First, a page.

A neonatologist caring for my twins in the NICU once said, “if we could choose one organ to have a problem, let it be the lungs.” That’s because lung problems are among the easiest to fix in the short-term: just add more oxygen. It’s also because lungs continue to develop in newborns, all the way up until the child is around eight years old.
Nonetheless, supplemental oxygen has its downsides. In the short-term, because newborn babies’ brains are very sensitive, too much oxygen can cause brain damage. In the long-term, too much mechanical ventilation can cause chronic lung disease and bronchopulmonary dysplasia (BPD).
There’s a hierarchy of supplementary oxygen. From least potent to most:
- Blow-by oxygen – the nurse or doctor has an oxygen mask and passes it in front of the child’s face.
- Nasal cannula – tubes in the nose are connected to a mixed source of oxygen and fresh air
- Continuous positive airway pressure (CPAP) – a facemask that pushes a low-pressure mixture of oxygen (measured by the fractional inspired concentration, the FiO2)
- Positive pressure ventilation (also known as mechanical ventilation) – the child is intubated, with oxygen pushed into the lungs at higher pressure
- High-frequency oscillator ventilator– the child is intubated, with oxygen moving in and out at a frequency of 10 to 15 times per second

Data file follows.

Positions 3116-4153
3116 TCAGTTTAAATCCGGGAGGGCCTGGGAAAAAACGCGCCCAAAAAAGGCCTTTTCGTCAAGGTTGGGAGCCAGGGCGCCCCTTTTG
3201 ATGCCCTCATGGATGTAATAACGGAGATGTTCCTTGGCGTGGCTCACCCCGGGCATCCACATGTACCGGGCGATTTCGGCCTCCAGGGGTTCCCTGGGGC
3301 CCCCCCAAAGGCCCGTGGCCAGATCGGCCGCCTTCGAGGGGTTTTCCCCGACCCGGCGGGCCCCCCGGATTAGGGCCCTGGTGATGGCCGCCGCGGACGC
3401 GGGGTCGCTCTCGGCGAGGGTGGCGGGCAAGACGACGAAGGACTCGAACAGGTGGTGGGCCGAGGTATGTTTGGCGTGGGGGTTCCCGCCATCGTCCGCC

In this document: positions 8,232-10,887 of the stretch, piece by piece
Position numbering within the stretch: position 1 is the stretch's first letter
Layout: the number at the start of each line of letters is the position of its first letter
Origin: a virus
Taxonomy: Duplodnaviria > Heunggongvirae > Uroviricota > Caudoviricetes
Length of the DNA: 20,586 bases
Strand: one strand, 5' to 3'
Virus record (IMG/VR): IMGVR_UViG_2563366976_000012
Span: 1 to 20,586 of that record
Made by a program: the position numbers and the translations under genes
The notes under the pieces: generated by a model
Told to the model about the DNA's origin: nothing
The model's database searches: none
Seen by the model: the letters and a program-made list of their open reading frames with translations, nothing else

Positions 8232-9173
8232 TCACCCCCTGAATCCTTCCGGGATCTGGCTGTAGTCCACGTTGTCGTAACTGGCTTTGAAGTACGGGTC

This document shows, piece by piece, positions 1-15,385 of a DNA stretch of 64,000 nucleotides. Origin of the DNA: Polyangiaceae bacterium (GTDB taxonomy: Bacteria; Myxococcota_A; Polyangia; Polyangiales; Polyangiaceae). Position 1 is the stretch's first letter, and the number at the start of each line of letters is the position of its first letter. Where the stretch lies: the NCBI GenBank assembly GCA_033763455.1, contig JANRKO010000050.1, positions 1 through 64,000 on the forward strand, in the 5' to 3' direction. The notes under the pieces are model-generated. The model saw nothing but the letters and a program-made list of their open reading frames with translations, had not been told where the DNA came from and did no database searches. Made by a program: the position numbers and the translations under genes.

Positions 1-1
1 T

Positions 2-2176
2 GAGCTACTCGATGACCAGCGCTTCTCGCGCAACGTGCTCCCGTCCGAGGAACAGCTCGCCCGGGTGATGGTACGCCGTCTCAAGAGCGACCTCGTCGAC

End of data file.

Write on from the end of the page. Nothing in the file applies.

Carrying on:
- High-frequency jet ventilator – the child is intubated, with cycled blasts of oxygen
- Extracorporeal membrane oxygenation (ECMO) – a heart-lung machine that processes oxygen in the bloodstream outside of the body
The high-frequency positive pressure ventilation strategies are becoming increasingly common, ever since a Cochrane Review in 2016 found that it and triggered ventilation showed benefits over conventional ventilation. But the benefits are not earth-shattering, and there’s typically no benefit in patients advocating for transitioning their baby to one.
With each type of supplemental oxygen, the goal in the NICU is to “wean” the baby down to a lower level of oxygen.
For most parents, the most startling jump is from CPAP to the mechanical ventilator (which nurses often call “the vent”). It can be upsetting, because it feels like the child is taking a step backwards. I sure felt it when my daughter went from CPAP to the vent to the oscillating ventilator. But there’s hope.
Mechanical ventilation is usually prescribed for acute respiratory distress, defined typically as:
- Too much acid in the blood (metabolic acidosis), as shown by an arterial pH below 7.2 and arterial carbon dioxide (PaCO2) above 60 mmHg.
- Too little oxygen in the blood (hypoxia), as shown by an arterial PaO2 below 50 mmHg, or when good oxygen saturdation cannot be sustained on a CPAP with less than 40% pure oxygen.
- Severe apnea.
The causes of that respiratory failure are numerous, like apnea of prematurity, infection, sepsis, recovery from a surgery, persistent pulmonary hypertension, or meconium aspiration syndrome. Each one of those problems will have to be treated separately – the ventilation is just a way to keep up oxygen levels for the child.